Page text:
In total candor, I found the original monotone state of this drawing a bit flat, though totally beautifully drawn. To me it cried out for some sort of tonal values to give it a bit of depth. So, I gave it a duotone treatment. And if you don't like that, for you purists I've included the original state below that.
This is a total side note, but it's an autobiographical blog, so I'm entitled. Before I was married, I dated a couple of young women, who as I got to know them more, revealed that they liked to color with crayons in coloring books, just for mindless relaxation. I found that to be charming and endearing and I never discouraged those sorts of 'hobbies', even though I had no desire to emulate.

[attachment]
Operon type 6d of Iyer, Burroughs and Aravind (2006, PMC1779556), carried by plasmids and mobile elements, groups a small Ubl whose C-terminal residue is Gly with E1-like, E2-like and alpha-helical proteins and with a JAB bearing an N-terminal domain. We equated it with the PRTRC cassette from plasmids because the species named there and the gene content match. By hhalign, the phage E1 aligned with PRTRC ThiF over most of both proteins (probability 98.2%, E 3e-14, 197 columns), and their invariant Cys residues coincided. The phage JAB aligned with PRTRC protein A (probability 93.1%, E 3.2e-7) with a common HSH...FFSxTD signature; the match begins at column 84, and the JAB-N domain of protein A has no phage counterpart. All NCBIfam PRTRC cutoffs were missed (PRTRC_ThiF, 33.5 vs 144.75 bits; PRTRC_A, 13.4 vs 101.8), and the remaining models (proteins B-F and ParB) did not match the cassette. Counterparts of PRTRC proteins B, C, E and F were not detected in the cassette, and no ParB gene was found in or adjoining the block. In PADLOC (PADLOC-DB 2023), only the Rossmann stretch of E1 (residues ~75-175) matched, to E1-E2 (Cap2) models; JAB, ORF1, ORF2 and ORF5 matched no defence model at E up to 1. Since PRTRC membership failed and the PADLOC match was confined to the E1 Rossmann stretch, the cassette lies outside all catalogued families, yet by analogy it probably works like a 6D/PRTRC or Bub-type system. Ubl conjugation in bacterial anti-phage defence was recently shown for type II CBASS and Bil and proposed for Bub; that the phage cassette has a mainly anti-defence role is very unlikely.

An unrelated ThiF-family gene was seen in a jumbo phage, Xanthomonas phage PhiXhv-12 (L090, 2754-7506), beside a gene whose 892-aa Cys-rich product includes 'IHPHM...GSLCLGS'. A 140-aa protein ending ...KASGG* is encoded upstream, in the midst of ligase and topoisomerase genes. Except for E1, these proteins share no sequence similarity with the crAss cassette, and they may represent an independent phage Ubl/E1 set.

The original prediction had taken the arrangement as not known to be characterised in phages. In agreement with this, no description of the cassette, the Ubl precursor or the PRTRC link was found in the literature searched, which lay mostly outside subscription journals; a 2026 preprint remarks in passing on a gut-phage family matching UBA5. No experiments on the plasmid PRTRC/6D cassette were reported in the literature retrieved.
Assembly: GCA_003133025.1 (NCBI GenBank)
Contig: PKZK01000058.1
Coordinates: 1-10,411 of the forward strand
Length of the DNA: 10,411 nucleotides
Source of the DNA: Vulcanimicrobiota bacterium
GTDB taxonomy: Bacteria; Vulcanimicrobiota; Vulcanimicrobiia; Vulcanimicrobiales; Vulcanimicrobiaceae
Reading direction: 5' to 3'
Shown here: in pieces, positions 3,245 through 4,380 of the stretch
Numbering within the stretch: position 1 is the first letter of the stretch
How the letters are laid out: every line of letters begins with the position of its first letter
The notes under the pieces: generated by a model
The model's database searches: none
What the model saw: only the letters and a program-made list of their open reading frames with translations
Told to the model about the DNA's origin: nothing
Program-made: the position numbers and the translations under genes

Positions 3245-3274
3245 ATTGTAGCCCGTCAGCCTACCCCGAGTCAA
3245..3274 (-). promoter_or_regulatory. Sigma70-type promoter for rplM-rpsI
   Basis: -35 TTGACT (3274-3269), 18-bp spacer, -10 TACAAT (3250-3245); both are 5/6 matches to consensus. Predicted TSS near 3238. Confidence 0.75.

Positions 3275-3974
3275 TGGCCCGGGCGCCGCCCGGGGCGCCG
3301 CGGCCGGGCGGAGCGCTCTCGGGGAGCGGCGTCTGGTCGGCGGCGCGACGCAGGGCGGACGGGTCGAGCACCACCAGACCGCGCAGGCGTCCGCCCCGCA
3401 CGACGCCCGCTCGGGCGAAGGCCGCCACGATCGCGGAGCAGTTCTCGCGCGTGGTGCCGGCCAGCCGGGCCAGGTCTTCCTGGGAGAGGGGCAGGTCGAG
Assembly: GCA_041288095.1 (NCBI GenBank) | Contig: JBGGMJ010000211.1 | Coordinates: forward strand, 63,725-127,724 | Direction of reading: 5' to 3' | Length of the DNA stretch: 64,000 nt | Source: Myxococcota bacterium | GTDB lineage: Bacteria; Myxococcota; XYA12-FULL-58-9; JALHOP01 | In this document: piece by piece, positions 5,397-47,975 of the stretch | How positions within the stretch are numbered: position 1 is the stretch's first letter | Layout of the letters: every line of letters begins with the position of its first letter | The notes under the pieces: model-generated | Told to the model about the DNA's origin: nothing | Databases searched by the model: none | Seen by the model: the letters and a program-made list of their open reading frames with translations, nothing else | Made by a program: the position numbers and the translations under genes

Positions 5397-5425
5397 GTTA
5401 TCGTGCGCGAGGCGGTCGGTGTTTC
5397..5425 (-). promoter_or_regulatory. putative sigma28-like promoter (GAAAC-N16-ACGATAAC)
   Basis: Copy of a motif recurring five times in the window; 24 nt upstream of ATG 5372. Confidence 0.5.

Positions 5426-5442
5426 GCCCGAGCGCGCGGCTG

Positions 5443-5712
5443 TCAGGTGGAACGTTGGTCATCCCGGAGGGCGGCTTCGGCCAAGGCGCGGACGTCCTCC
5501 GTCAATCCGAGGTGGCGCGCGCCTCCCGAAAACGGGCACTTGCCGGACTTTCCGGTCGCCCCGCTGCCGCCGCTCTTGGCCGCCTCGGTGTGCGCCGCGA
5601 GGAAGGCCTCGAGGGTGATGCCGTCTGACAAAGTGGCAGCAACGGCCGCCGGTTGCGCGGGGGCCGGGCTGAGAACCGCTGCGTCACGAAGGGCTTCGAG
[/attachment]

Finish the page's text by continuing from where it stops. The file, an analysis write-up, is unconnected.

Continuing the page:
Until now. With digital programs I find myself taking existing line art and having at it with colorizing techniques. I can justify that, I tell myself, thinking that I'm training myself to be a colorist for the comics industry, but in reality it is mindless relaxation.
Beatrice Stevens — The Faeries (modern color) — 1917
I love the individual attention each faerie got from Stevens, but especially the one just to the left of the little girl, emulating her pose. A girl and her dog, with a big book of fantasy in her lap — Annie, that's how I visualize you as a kid.